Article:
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Paper   IPM / Astronomy / 11732
School of Astronomy
  Title:   Ultraviolet tails and trails in cluster galaxies: a sample of candidate gaseous stripping events in Coma
1.  Russell Smith
2.  John Lucey
3.  Derek Hammer
4.  Ann E. Hornschemeier
5.  David Carter
6.  Mike Hudson
7.  Ron Marzke
8.  Mustapha Mouhcine
9.  Sareh Eftekharzadeh
10.  Phil.. James
11.  Habib Gharar Khosroshahi
12.  Ehsan Kourkchi
13.  Arna Karick
  Status:   Published
  Journal: MNRAS
  Vol.:  408
  Year:  2010
  Pages:   1417-1432
  Publisher(s):   Monthly Notices of the Royal Astronomical Society
  Supported by:            IPM IPM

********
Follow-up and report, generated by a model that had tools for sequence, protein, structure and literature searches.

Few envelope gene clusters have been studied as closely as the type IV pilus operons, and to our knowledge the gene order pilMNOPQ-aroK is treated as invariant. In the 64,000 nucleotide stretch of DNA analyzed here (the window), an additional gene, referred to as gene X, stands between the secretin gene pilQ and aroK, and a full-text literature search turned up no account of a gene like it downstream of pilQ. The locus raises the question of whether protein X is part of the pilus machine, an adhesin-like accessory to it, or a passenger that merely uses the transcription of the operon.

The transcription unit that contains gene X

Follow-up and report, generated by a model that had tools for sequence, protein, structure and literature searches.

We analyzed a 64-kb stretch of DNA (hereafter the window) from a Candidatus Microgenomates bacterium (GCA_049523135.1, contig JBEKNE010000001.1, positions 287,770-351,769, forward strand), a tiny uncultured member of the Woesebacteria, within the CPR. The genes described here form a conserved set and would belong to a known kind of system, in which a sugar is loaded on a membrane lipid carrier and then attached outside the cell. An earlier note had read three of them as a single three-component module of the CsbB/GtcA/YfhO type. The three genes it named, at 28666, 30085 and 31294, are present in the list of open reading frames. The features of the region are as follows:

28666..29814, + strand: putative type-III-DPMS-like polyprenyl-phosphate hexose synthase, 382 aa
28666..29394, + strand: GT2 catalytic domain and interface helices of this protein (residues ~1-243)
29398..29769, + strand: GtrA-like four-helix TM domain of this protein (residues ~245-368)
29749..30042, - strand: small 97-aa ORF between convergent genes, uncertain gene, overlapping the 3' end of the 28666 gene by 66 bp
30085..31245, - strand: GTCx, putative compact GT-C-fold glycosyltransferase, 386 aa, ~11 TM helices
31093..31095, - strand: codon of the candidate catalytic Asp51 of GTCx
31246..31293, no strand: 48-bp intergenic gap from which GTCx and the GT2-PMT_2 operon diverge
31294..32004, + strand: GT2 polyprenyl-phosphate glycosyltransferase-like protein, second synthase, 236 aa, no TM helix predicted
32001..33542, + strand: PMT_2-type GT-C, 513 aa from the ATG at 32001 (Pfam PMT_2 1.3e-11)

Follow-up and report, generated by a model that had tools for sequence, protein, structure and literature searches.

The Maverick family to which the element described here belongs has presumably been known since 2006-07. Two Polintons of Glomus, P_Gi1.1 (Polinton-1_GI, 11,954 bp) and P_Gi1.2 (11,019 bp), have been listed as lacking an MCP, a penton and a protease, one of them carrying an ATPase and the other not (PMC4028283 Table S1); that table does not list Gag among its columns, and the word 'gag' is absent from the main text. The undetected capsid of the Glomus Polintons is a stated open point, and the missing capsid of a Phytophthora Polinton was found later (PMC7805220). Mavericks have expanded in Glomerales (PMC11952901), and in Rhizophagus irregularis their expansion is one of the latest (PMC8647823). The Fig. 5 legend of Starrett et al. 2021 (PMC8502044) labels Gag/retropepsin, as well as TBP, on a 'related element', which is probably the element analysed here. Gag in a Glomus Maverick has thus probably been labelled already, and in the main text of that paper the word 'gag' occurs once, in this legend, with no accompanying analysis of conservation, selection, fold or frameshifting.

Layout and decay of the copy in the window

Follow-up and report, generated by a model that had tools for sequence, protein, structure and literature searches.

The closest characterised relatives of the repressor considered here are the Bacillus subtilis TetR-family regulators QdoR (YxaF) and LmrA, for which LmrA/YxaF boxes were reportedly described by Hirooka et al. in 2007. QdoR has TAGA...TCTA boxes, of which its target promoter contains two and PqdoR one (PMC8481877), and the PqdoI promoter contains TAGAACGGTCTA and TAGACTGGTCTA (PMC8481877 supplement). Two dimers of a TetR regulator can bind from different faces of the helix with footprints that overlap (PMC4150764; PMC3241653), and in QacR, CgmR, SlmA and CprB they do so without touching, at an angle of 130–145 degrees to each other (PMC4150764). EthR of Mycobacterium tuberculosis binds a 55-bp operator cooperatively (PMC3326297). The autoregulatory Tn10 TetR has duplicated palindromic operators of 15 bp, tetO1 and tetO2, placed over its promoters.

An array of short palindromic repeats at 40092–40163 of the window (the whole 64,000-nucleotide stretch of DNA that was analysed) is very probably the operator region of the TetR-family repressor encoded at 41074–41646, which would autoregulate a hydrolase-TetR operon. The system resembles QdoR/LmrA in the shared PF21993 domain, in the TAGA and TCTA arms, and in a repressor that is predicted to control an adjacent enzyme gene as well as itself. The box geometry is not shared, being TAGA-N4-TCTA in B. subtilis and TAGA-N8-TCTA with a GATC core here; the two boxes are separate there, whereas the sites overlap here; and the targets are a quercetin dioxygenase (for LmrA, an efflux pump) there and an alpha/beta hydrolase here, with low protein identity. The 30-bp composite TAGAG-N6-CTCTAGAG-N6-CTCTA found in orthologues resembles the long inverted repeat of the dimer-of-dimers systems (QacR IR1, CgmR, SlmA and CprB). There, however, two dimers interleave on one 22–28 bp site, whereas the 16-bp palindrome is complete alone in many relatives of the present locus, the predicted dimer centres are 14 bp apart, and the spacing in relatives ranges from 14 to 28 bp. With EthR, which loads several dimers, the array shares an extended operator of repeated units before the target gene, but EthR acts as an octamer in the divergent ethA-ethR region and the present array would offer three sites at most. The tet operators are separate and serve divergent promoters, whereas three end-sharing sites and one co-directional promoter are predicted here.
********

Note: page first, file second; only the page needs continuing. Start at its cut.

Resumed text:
We have used new deep observations of the Coma cluster from Galaxy Evolution Explorer to visually identify 13 star-forming galaxies with asymmetric morphologies in the ultraviolet (UV). Aided by wide-field optical broad-band and H #945; imaging, we interpret the asymmetric features as being due to star formation within gas stripped from the galaxies by interaction with the cluster environment. The selected objects display a range of structures from broad fan-shaped systems of filaments and knots (`jellyfish') to narrower and smoother tails extending up to 100kpc in length. Some of the features have been discussed previously in the literature, while others are newly identified here. We assess the ensemble properties of the sample. The candidate stripping events are located closer to the cluster centre than other star-forming galaxies; their radial distribution is more similar to that of all cluster members, dominated by passive galaxies. The fraction of blue galaxies which are undergoing stripping falls from 40per cent in the central 500kpc to less than 5per cent beyond 1Mpc. We find that tails pointing away from (i.e. galaxies moving towards) the cluster centre are strongly favoured (11/13 cases). From the small number of `outgoing' galaxies with stripping signatures, we conclude that the stripping events occur primarily on first passage towards the cluster centre, and are short-lived compared to the cluster crossing time. Using galaxy infall trajectories extracted from a cosmological simulation, we find that the observed fraction of blue galaxies undergoing stripping can be reproduced if the events are triggered at a threshold radius of  1Mpc and detectable for  500Myr. Hubble Space Telescope images are available for two galaxies from our sample and reveal compact blue knots coincident with UV and H #945; emission, apparently forming stars within the stripped material. Our results confirm that stripping of gas from infalling galaxies, and associated star formation in the stripped material, is a widespread phenomenon in rich clusters. Deep UV imaging of additional clusters is a promising route to constructing a statistically powerful sample of stripping events and constraining models for the truncation of star formation in clusters.

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